Why you should set your New Year's resolutions in spring
Along with January 1 being the start of a new year, the day is also synonymous with making resolutions. Whether it's to lose those extra holiday pounds you packed on or to start bulking up your savings account, our culture is obsessed with making this the time to start anew. But Gregorian calendar and mainstream advertising aside (ahem... guilt-inducing gym commercials), is the middle of winter really the best time to be goal setting?
Springtime is a much more appropriate time of the year to wipe the slate clean — when the heavy coats are put in storage and the wintery wonderlands have melted.
"People feel too much pressure to change on New Year's — it is very cliché," says Melanie DewBerry, author of the newly published book The Power of Naming: A Journey to Find Your Soul’s Identity.
Springtime is the time for new beginnings. The days are longer, the earth is blooming, literally, and everything awakens. The pace of life becomes faster.
“It’s the best time of the year to initiate change and make adjustments to the way that one lives their life — their health habits, spiritual habits, exercise habits, relationships and overall lifestyle,” adds DewBerry.
Taking into consideration Mother Nature, it only makes sense to align our own lives with her mood. “The energy that surrounds us at springtime provides the perfect opportunity to set our intentions, to start the process and achieve the changes we want in our lives,” says Los Angeles-based energy healer Leigh Gordon.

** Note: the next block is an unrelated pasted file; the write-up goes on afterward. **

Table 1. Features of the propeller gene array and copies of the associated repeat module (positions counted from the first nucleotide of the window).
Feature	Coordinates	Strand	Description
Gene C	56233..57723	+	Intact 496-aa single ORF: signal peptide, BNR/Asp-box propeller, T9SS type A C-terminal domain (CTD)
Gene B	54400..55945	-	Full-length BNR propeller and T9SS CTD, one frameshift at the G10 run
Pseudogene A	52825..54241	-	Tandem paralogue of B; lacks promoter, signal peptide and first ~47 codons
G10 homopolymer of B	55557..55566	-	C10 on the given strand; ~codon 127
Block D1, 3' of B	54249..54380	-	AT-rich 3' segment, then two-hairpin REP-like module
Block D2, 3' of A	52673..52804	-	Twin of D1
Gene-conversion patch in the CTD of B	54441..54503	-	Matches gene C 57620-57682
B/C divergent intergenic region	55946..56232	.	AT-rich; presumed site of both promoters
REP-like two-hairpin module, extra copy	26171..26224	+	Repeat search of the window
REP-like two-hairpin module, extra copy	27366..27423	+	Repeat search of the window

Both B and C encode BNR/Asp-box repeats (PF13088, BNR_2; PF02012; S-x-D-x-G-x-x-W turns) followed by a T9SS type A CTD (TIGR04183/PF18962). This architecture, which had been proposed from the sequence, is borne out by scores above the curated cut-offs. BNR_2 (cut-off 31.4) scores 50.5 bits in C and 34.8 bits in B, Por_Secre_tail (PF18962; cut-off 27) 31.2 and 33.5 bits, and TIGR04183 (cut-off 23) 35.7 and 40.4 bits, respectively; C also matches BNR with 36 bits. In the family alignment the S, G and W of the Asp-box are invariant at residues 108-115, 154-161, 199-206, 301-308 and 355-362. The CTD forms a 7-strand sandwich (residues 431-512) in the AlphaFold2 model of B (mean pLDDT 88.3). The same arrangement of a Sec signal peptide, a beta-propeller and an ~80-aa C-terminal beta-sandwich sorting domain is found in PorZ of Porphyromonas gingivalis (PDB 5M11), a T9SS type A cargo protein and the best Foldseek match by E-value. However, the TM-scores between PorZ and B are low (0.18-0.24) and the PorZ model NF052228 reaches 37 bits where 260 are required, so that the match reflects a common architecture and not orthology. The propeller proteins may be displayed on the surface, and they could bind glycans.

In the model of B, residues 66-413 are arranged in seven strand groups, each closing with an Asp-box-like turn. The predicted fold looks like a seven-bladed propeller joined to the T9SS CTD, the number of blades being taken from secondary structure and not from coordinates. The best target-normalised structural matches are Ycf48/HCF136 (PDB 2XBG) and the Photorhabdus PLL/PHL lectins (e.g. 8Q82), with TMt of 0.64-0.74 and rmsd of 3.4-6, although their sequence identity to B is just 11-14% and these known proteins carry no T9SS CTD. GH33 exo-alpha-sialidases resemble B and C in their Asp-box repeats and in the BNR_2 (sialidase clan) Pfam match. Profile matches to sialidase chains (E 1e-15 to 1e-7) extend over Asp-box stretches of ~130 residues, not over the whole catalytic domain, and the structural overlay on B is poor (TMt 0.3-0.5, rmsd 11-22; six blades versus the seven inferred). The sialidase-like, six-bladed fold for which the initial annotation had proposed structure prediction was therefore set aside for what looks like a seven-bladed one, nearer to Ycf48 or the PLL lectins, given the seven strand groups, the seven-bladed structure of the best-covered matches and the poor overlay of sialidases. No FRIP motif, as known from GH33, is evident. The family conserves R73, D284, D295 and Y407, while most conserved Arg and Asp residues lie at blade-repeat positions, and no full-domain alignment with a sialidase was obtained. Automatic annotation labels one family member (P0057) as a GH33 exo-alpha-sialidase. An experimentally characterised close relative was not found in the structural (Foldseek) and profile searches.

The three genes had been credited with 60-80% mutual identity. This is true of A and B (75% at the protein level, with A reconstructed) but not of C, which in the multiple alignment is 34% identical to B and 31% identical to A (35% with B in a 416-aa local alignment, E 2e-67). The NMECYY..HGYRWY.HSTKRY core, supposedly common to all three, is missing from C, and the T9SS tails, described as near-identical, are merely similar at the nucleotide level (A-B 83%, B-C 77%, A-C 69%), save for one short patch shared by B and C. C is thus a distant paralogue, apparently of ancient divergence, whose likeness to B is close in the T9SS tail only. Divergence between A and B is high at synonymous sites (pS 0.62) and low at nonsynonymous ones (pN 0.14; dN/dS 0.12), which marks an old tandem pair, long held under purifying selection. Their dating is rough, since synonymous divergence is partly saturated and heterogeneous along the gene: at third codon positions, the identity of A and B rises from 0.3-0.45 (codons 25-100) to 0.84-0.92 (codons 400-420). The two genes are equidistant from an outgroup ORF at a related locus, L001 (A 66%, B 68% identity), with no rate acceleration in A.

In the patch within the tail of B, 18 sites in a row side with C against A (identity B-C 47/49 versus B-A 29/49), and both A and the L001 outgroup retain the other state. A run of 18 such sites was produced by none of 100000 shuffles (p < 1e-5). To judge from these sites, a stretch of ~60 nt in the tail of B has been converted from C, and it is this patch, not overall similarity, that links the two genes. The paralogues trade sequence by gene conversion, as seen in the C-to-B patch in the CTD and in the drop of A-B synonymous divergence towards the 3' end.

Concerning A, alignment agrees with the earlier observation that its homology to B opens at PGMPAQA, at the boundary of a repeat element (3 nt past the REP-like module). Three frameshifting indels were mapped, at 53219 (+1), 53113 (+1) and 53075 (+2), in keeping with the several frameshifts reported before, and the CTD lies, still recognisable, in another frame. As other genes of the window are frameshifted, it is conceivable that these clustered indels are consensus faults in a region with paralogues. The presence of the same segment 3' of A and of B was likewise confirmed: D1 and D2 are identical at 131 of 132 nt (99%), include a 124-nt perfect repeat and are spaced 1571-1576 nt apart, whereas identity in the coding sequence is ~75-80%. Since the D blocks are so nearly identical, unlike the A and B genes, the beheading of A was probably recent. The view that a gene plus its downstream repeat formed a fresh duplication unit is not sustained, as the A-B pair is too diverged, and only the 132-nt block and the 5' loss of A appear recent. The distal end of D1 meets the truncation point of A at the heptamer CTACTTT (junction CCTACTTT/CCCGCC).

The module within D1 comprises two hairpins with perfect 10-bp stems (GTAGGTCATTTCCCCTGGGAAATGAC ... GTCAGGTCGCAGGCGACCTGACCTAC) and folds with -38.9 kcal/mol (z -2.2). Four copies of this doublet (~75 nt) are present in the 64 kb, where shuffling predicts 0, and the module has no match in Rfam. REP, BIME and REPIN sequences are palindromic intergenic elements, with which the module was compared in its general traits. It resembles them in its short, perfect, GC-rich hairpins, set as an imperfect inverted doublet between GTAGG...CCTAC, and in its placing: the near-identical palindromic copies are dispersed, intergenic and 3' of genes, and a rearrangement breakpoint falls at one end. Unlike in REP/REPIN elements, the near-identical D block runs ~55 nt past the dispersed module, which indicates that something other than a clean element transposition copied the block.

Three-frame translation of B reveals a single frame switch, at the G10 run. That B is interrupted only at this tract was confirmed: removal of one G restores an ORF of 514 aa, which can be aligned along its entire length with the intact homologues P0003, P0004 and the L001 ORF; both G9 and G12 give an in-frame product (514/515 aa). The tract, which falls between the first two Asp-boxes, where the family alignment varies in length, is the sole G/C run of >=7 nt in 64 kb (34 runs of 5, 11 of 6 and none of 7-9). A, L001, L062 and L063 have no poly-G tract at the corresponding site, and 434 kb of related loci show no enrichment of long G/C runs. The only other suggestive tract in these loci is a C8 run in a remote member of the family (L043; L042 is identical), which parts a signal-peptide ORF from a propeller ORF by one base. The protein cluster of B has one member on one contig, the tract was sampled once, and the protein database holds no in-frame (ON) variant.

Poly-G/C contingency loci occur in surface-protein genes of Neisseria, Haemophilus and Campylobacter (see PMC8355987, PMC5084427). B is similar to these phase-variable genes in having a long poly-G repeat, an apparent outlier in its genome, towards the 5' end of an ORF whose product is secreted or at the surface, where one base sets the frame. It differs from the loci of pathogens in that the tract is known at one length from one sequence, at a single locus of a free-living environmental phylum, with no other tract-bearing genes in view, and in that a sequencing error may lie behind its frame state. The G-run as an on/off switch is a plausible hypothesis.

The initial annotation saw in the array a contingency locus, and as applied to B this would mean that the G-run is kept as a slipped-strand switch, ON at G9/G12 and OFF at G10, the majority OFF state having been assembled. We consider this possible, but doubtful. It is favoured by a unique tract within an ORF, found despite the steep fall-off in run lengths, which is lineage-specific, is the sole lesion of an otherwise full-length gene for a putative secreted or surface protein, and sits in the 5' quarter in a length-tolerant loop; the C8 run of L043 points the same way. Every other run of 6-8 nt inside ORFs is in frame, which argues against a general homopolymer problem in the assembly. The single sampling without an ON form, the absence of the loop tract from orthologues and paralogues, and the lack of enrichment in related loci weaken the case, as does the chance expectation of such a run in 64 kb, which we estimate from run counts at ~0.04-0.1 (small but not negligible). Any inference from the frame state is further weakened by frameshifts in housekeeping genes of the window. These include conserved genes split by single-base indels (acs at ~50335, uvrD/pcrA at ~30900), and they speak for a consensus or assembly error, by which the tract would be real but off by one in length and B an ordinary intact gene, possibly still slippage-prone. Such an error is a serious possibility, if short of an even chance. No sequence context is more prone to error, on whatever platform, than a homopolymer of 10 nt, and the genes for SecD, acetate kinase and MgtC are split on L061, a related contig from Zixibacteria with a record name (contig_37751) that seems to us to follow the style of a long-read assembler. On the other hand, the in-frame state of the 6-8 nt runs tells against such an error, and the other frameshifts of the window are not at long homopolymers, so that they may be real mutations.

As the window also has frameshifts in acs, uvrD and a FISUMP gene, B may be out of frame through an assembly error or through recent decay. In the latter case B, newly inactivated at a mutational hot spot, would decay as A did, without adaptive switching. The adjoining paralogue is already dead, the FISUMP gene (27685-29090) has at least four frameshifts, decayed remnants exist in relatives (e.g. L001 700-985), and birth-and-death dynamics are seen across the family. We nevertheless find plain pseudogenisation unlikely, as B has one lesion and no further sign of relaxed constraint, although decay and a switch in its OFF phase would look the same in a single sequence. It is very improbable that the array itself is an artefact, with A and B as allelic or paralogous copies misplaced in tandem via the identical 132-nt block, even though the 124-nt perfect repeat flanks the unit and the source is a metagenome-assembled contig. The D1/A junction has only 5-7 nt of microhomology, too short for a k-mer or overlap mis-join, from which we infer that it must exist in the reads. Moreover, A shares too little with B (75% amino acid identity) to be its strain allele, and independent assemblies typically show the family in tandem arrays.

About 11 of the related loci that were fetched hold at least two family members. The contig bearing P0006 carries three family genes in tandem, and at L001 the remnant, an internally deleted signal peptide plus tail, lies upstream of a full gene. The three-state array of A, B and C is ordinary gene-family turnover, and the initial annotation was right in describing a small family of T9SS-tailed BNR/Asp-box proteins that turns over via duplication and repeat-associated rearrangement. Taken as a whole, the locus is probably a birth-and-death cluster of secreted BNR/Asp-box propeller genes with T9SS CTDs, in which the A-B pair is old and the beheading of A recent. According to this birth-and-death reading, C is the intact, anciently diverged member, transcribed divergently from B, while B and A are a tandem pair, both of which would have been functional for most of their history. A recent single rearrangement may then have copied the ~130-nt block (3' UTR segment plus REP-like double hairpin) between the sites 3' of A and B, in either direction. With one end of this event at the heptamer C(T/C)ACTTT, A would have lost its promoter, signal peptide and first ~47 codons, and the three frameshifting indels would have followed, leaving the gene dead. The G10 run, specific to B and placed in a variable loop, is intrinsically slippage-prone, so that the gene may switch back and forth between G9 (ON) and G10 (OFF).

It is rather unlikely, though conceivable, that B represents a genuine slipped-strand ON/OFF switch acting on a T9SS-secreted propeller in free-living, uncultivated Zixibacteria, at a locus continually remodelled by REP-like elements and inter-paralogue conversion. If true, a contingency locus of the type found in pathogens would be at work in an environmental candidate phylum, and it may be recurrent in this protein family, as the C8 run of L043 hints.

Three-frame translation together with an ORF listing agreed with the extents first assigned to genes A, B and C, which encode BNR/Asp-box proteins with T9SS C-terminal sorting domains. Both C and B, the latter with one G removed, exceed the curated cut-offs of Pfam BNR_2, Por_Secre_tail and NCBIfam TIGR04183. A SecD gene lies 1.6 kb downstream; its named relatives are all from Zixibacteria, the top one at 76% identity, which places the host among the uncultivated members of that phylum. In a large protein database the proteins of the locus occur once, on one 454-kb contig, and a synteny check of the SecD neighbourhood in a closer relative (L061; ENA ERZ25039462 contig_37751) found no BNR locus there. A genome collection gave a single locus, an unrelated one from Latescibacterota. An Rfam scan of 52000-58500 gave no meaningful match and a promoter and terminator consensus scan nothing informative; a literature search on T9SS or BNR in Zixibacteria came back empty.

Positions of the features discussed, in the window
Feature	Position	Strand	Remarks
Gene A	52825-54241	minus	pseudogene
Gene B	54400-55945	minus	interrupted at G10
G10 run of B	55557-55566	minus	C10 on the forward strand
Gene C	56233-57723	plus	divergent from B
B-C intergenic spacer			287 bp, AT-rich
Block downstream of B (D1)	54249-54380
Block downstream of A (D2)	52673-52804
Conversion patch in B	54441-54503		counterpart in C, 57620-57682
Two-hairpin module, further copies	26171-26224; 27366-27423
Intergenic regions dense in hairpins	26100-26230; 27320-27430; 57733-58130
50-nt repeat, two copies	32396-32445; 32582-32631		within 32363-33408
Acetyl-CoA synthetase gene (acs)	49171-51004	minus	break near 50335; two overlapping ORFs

So, before you beat yourself up for not following through on the goals you set over three months ago, here are five steps to take advantage of the season and achieve your goals.
1. Look at where you are now
With no judgment, define your reality. Take a snapshot of your life right now. Figure out what is working, what’s not and assess areas like career, personal care, relationships, finances, diet, etc. Break it all down, and be honest with yourself.
2. Look at where you want to be tomorrow
Following assessment of the snapshot, “Clearly, honestly and unapologetically define your goals,” says Gordon. And along with defining the goal, include what the end result will look and feel like.
3. Identify the blocks
If you’re trying to make real changes, you must identify the limiting beliefs that are holding you back. If your goal is to have six-pack abs or a six-figure savings account by June 1, but you've never stepped foot in a gym or have negative funds set aside, take a step back to reevaluate.
Total awareness of the first three steps is key to achieving change.
4. Take action
This is the time to bloom. As opposed to January 1, when it’s cold and wintery (depending upon where you live, of course), hibernation is a natural state and usually includes inner reflection. But, goals require outward action. Although the new springtime seeds have been planted, you must commit to nurturing, cultivating and watering your goals.
5. Enjoy what you've created
Now that you've become a good gardener, figuratively, it's time to enjoy the harvest. This last step can be easily forgotten, considering the mentality of our workaholic society, but part of any goal should include a pay off.
"By harnessing the springtime energy," says Gordon, "you provide yourself a natural springboard to make the changes you want in your life a reality."